ILNews

Longtime Lake Superior judge dies at 78

IL Staff
January 10, 2014
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Lake Superior Judge Gerald N. Svetanoff, 78, died Wednesday. Svetanoff was the longest-serving Lake Superior judge at the time of his death.

Svetanoff was appointed to the bench in 1981 by Gov. Robert D. Orr. He was presiding over Lake Superior Civil Division 4 when he petitioned the Indiana Supreme Court to appoint a judge pro tem “while he is unable to attend to the duties of his office” due to an illness, according to the Sept. 17 order.

Svetanoff was highly respected by attorneys who practiced before him and his fellow judges. His successes inspired his son, Joseph Svetanoff, to become a lawyer. Svetanoff was admitted to the bar in 1960 and was a law clerk to the Indiana Supreme Court. He entered private practice in Gary and also served as a judge pro tem in the Superior Court, County Division, in Crown Point.

He was a graduate of the Indiana Judicial College and belonged to many legal organizations, including the Lake County Bar Association.

Svetanoff was a lifelong resident of northwestern Indiana. He was born in Gary and attended Lew Wallace High School. He earned his degrees from Indiana University School of Business and the law school in Bloomington.

He is survived by his wife, Linda; son Joseph (Cathy); and grandchildren Natalia and Alexander.

Visitation is from 2 to 8 p.m. Sunday at Burns Funeral Home, 10101 Broadway, Crown Point. A short memorial service is at 7 p.m. Sunday. The funeral service will be at 10 a.m. Monday at the funeral home, with burial directly following the service at Calumet Park Cemetery, 2305 W. 73rd Ave., Merrillville.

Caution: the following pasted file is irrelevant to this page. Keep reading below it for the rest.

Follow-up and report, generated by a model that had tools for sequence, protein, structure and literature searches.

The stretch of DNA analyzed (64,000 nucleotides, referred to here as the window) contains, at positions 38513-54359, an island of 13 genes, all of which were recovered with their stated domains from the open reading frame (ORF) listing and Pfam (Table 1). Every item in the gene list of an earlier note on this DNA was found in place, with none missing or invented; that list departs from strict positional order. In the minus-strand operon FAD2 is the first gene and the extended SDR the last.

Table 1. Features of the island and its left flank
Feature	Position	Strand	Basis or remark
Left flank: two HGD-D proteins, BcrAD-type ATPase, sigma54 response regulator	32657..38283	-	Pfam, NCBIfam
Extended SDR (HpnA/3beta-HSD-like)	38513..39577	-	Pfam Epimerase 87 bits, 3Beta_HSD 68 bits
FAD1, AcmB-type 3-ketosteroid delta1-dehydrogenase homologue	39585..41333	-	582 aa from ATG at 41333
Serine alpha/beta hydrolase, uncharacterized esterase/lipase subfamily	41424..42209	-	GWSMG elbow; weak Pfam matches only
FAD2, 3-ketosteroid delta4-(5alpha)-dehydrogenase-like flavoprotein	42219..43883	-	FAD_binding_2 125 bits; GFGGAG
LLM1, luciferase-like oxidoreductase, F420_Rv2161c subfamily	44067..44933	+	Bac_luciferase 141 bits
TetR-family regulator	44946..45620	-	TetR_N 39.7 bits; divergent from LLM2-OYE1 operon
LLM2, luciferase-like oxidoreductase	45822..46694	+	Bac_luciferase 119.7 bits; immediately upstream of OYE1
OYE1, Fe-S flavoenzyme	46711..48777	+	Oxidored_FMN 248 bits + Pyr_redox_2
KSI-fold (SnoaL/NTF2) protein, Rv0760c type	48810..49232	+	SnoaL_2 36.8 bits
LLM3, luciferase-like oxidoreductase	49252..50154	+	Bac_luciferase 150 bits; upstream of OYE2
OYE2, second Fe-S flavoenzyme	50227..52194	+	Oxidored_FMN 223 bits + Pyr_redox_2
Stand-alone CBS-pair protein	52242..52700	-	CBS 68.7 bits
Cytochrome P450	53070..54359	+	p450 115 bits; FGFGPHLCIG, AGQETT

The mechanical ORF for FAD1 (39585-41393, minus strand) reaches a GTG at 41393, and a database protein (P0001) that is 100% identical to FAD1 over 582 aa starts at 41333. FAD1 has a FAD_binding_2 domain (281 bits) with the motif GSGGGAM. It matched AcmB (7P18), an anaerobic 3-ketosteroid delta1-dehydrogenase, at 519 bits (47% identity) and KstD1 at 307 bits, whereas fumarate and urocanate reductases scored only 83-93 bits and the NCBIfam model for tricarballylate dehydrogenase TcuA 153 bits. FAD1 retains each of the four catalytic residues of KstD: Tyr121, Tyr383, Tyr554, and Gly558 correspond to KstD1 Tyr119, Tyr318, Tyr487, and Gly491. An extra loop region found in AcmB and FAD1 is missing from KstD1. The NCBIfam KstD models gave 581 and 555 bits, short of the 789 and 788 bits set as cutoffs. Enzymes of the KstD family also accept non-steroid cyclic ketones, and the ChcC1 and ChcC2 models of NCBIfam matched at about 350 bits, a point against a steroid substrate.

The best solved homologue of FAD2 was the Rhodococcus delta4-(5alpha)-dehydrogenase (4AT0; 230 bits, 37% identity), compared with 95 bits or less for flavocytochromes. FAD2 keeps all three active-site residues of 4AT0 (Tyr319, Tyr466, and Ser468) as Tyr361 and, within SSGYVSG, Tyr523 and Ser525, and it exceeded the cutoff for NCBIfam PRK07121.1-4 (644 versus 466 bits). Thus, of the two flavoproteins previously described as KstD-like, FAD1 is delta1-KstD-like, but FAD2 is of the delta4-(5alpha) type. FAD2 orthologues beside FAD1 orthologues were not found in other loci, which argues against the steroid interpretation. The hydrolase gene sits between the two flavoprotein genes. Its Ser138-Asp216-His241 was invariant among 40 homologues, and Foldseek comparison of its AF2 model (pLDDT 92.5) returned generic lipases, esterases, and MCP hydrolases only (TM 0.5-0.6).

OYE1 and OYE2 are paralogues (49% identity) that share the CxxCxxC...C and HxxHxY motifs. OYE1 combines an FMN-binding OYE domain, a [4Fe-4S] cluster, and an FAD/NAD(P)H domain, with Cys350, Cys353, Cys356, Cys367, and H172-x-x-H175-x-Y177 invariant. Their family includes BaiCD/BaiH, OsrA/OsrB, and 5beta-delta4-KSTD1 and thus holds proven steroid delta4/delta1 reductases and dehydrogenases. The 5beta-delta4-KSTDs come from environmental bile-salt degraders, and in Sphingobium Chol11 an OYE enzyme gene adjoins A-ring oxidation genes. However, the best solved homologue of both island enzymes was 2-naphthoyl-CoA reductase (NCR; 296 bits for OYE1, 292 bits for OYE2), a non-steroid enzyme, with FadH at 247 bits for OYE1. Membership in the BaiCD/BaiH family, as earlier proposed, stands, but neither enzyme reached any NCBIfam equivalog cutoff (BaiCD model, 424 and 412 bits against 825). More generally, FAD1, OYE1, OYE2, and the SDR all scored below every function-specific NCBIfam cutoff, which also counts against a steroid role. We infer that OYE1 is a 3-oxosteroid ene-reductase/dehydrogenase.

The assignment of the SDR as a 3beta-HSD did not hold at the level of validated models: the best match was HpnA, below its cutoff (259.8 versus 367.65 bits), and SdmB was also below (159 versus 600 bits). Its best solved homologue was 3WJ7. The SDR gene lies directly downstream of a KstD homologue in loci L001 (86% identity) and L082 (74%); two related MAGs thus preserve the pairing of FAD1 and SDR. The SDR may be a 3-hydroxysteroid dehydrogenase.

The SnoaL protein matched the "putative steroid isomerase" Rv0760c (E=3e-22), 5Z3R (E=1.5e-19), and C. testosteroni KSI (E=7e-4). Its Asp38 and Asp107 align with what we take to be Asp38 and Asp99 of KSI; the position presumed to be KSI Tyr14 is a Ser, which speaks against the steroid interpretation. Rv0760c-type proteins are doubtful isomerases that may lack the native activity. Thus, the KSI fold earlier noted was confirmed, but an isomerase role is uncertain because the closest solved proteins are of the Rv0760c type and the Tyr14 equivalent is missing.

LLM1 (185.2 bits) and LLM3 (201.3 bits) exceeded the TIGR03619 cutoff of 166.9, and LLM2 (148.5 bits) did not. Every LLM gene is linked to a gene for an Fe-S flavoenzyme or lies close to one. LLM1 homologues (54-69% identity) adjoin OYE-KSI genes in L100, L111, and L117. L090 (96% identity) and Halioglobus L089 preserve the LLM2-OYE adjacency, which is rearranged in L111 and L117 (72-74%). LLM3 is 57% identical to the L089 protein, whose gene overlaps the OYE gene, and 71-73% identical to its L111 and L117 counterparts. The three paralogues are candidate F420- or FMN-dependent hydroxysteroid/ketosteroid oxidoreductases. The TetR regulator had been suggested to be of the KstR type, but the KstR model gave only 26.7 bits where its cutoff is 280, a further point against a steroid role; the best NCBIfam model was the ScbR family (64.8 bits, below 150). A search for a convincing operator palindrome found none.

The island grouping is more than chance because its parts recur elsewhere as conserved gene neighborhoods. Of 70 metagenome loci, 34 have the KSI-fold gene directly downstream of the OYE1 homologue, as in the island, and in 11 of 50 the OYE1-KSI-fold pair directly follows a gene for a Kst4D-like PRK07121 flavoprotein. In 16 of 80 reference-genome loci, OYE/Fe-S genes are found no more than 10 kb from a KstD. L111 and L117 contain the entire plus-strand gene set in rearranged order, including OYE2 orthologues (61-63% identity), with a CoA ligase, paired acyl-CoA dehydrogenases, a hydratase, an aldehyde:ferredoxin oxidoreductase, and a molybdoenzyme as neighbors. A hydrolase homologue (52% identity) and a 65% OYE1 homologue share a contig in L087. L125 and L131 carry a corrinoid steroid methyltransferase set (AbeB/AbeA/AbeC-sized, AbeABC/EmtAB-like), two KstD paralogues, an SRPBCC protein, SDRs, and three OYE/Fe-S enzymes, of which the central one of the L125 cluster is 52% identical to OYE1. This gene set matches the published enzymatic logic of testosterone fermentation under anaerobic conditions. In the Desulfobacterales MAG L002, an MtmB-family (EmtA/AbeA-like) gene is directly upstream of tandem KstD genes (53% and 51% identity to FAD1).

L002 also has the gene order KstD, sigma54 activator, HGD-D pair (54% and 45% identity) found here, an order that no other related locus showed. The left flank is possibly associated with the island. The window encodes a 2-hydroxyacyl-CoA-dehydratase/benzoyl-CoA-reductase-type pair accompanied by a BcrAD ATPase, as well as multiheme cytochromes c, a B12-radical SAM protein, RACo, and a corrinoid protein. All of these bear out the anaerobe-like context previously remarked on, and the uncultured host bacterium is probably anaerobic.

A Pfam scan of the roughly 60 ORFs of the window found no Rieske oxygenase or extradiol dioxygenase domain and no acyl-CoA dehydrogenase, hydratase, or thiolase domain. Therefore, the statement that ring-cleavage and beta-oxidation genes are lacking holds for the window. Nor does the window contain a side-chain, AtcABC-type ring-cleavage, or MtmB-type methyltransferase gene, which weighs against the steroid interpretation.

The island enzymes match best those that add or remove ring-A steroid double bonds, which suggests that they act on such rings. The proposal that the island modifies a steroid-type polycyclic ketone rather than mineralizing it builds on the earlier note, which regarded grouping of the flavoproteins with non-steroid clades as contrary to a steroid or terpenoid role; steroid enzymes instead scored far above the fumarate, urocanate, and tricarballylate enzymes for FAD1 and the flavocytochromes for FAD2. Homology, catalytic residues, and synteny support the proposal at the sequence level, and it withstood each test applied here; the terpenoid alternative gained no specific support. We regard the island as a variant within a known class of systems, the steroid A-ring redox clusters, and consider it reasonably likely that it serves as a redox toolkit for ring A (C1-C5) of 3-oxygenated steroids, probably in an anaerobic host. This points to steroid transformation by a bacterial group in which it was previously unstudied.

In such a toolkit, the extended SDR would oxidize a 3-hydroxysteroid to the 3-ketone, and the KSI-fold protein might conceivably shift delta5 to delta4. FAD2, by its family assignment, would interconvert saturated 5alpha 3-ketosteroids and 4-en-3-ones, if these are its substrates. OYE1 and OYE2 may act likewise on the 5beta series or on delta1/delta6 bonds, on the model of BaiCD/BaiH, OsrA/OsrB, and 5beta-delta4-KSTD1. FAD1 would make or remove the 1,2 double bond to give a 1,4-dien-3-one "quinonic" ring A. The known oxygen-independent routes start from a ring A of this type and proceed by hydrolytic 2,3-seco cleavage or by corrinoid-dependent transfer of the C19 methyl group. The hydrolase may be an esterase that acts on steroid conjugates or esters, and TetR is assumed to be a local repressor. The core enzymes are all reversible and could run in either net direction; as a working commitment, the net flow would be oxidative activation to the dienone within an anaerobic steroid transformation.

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  1. The practitioners and judges who hail E-filing as the Saviour of the West need to contain their respective excitements. E-filing is federal court requires the practitioner to cram his motion practice into pigeonholes created by IT people. Compound motions or those seeking alternative relief are effectively barred, unless the practitioner wants to receive a tart note from some functionary admonishing about the "problem". E-filing is just another method by which courts and judges transfer their burden to practitioners, who are the really the only powerless components of the system. Of COURSE it is easier for the court to require all of its imput to conform to certain formats, but this imposition does NOT improve the quality of the practice of law and does NOT improve the ability of the practitioner to advocate for his client or to fashion pleadings that exactly conform to his client's best interests. And we should be very wary of the disingenuous pablum about the costs. The courts will find a way to stick it to the practitioner. Lake County is a VERY good example of this rapaciousness. Any one who does not believe this is invited to review the various special fees that system imposes upon practitioners- as practitioners- and upon each case ON TOP of the court costs normal in every case manually filed. Jurisprudence according to Aldous Huxley.

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